At Grand Studio, we’ve had the privilege of working alongside major organizations taking their first high-stakes steps into AI. We know the positive impact the right kind of AI strategy can have on a business. But we’ve also seen the ways in which pressure to adopt AI can lead to rushed decision-making that leaves organizations worse off. 

Our top-level advice to businesses looking to implement AI: don’t lose sight of human-centered design principles. AI may be among the most sophisticated tools we use, but it is still just that — a tool. As such, it must always operate in service of humans that use it. 

A human lens on artificial intelligence

When implementing AI, it is tempting to start with the technology itself — what can the technology do exceptionally well? Where might its merits be of service to your organization? While these may be helpful brainstorming questions, no AI strategy is complete until it closely analyzes how AI’s merits would operate in conjunction with the humans you rely on, whether it be your employees or your customers.

CASE IN POINT 

In our work supporting a major financial organization, we designed an AI-based tool for bond traders. Originally, they imagined using AI to tag particular bonds with certain characteristics, making them easier for the traders to pull up. It seemed like a great use of technology, and a service that would speed up and optimize the trader’s workflow. But once we got on the ground and started talking to traders, it turned out that pulling up bonds based on tags was not actually their biggest problem. AI may be a golden hammer, but the proposed project wasn’t a nail — it only looked like one from far away. 

As we got more clarity on the true needs of these traders, we realized that what they actually needed was background information to help them make decisions around pricing the bonds. And they wanted the information displayed in a particular way that gave them not just a suggestion, but the data that led them there. In this way, they’d be able to incorporate their own expertise into the AI’s output. 

If we had designed a product based on the original assumptions, it likely would have flopped. To be useful, the AI needed to be particularly configured to the humans at the center of the problem.

The linkage points between human and AI are crucial

We all know that bad blood among employees can spell doom for an organization. Mistrust and negative energy are surefire ways to sink a ship. In many ways, integrating AI can feel a lot like hiring on a slough of new employees. If your existing employees aren’t appropriately trained on what to expect and how to work with the new crowd, it can ruin even the best-laid plans. 

Once you’ve identified where AI fits into your organization, we recommend paying extremely close attention to the linkage points between human and AI. Where must these parties cooperate? What trust needs to be built? What suspicion needs to be mitigated? How can each benefit the other in the best way possible?

CASE IN POINT

Recently, we worked with a financial services technology provider to develop AI that could spot fraud and inaccuracies in trading. We conducted in-depth research into the needs of the surveillance teams who’d be using the software to understand their role and also their expectations for how they’d use such a tool. This allowed us to thoughtfully build a visual interface on top of the AI that could maximally meet the surveillance team’s needs, including helping them with task management.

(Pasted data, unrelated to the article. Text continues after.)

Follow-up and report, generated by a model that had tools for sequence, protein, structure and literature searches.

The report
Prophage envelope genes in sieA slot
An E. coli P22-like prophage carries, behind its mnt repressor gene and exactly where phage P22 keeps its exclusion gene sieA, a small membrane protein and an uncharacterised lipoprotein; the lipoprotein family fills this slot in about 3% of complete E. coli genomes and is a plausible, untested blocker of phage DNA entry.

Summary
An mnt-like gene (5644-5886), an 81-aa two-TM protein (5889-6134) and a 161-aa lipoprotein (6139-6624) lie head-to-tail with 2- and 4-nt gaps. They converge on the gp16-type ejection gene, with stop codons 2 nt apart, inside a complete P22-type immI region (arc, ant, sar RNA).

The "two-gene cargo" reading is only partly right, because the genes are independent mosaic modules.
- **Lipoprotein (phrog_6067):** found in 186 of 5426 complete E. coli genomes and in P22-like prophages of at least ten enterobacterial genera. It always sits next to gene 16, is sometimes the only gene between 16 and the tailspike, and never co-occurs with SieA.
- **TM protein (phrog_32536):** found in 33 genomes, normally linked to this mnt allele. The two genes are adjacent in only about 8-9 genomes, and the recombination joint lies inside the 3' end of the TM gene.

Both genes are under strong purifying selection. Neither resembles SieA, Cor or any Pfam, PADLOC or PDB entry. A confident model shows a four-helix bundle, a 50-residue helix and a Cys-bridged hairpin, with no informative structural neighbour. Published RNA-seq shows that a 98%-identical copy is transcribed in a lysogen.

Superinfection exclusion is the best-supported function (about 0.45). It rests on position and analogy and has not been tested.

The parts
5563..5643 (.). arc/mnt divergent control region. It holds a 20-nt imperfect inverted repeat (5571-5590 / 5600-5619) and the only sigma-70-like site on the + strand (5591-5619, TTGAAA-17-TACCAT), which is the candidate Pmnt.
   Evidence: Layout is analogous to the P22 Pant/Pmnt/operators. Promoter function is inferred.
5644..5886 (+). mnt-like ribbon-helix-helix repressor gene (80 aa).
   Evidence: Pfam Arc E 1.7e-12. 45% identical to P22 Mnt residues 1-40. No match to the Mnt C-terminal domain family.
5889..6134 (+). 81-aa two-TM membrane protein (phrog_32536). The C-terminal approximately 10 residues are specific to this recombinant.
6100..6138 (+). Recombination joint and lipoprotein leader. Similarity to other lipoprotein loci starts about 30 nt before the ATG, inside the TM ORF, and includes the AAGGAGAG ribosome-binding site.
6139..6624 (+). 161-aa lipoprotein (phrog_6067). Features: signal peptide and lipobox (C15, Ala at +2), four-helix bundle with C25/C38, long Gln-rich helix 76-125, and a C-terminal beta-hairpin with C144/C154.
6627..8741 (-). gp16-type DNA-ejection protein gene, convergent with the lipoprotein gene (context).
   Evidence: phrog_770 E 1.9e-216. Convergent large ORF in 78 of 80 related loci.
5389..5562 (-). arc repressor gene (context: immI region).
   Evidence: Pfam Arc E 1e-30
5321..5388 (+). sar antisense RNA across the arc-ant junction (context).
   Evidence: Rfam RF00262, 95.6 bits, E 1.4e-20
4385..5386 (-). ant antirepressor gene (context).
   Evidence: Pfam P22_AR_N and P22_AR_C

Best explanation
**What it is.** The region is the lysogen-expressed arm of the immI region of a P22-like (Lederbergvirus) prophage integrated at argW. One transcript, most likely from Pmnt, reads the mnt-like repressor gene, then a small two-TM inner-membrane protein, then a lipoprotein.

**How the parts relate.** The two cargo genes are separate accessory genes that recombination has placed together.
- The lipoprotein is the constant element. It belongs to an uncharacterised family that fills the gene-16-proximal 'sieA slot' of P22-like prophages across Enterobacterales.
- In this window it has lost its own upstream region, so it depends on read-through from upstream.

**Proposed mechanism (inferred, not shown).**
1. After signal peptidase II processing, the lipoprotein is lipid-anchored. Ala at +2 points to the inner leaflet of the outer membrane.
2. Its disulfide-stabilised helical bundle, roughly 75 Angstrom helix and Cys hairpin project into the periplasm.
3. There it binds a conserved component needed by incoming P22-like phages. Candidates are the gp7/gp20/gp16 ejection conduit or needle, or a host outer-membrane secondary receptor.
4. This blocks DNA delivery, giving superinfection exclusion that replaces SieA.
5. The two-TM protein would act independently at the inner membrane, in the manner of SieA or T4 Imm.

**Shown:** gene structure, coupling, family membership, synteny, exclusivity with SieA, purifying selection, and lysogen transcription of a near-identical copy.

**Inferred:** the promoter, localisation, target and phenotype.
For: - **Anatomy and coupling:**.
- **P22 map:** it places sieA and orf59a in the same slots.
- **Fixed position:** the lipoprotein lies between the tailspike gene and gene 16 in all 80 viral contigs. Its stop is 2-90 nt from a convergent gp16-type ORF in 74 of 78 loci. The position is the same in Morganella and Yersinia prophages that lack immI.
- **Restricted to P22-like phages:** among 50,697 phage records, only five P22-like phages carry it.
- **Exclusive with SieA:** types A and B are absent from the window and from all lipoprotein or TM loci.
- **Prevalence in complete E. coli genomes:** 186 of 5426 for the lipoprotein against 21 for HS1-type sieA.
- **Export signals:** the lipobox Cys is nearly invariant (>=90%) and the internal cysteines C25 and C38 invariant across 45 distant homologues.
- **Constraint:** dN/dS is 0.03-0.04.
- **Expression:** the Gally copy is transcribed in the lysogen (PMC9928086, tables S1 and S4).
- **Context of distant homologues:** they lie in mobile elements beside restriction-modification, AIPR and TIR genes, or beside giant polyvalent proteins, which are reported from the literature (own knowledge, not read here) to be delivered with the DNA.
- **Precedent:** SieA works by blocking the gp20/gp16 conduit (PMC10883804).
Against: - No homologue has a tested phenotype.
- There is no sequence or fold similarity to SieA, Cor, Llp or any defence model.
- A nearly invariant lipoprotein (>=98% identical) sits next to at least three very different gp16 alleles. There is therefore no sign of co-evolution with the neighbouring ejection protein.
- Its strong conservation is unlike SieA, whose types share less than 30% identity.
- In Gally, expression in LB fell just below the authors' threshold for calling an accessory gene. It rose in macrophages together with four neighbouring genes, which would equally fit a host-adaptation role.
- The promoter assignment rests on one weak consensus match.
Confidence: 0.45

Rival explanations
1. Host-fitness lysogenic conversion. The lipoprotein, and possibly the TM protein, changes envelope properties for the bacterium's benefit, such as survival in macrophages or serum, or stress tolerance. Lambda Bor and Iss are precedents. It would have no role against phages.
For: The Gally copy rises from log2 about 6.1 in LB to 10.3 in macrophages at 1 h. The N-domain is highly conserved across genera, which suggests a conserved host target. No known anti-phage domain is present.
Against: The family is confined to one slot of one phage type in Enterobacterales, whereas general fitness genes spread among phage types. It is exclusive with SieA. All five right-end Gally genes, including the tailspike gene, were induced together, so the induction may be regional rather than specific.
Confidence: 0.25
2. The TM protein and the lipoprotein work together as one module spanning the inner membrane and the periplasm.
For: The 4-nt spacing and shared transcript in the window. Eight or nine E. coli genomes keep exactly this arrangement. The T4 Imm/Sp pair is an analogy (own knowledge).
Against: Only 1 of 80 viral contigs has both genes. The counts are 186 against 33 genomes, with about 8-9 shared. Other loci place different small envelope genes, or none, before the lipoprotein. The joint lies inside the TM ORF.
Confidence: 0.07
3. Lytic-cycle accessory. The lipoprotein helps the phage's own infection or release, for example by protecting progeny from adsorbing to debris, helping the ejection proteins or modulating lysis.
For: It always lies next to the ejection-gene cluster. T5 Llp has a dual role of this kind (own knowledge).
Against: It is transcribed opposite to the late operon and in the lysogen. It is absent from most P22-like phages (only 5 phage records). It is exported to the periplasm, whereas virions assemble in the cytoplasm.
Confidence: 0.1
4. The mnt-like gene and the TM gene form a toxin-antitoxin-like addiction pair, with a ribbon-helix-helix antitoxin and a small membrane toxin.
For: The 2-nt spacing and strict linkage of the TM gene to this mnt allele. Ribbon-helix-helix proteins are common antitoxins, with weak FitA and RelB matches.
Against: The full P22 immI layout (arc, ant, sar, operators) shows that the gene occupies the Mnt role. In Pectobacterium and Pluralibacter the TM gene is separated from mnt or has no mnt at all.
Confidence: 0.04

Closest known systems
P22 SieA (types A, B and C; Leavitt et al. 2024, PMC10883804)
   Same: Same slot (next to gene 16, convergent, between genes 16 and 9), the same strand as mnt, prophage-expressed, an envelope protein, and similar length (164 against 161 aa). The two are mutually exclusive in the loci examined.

Taking the time to understand the precise nature of this potential human-AI collaboration helped us use resources wisely and prevent the mistrust and resistance that can cause even the best tools to fail. 

AI integrations require trust and understanding

Your AI also can’t be a “black box.” While not everyone at your organization needs to be an expert on its functionality, simply dropping an unfamiliar tool into a work environment and expecting people to trust whatever it spits out is very likely misguided. This is especially true when AI is helping experts do their jobs better. These roles are defined by the deep training that goes into them — how are they supposed to give an open-arms welcome to a new “employee” whose training they can’t see or understand?

For example, a doctor trained in reviewing mammograms may well benefit from AI software that can review 500 scans and whittle it down to only 20 that need human assessment. But you can imagine a physician’s resistance to simply taking those 20 images without understanding how and why the software weeded out the other 480. They rely on their expertise to save lives, and need to trust that whatever tools are helping them are supported by similar training and values. 

AI has the power to make big change. But if we don’t center humans in our implementations, the change we make may not be the good kind. 

Contemplating your early steps into AI? We’d love to work with you to help make your leap into the future a smart one. 

Using AI in Enterprise

AI is everywhere these days. There’s no escaping it whether it’s a board room conversation, a conference, or a meme on social media. And with good reason. As Bryan Goodman of Ford Motor Company said recently at the 2023 Reuters Momentum conference on AI, “I can’t imagine anyone being competitive without AI.” The resounding perspective across industries is in agreement with him.

The question amongst many people, particularly those in larger enterprise organizations with less scrappy flexibility and more risk, is how do we use AI in a way that is responsible to our business units, our shareholders, and humanity at large?

Download our whitepaper and read more about the best use cases and challenges to consider for enterprise AI usage.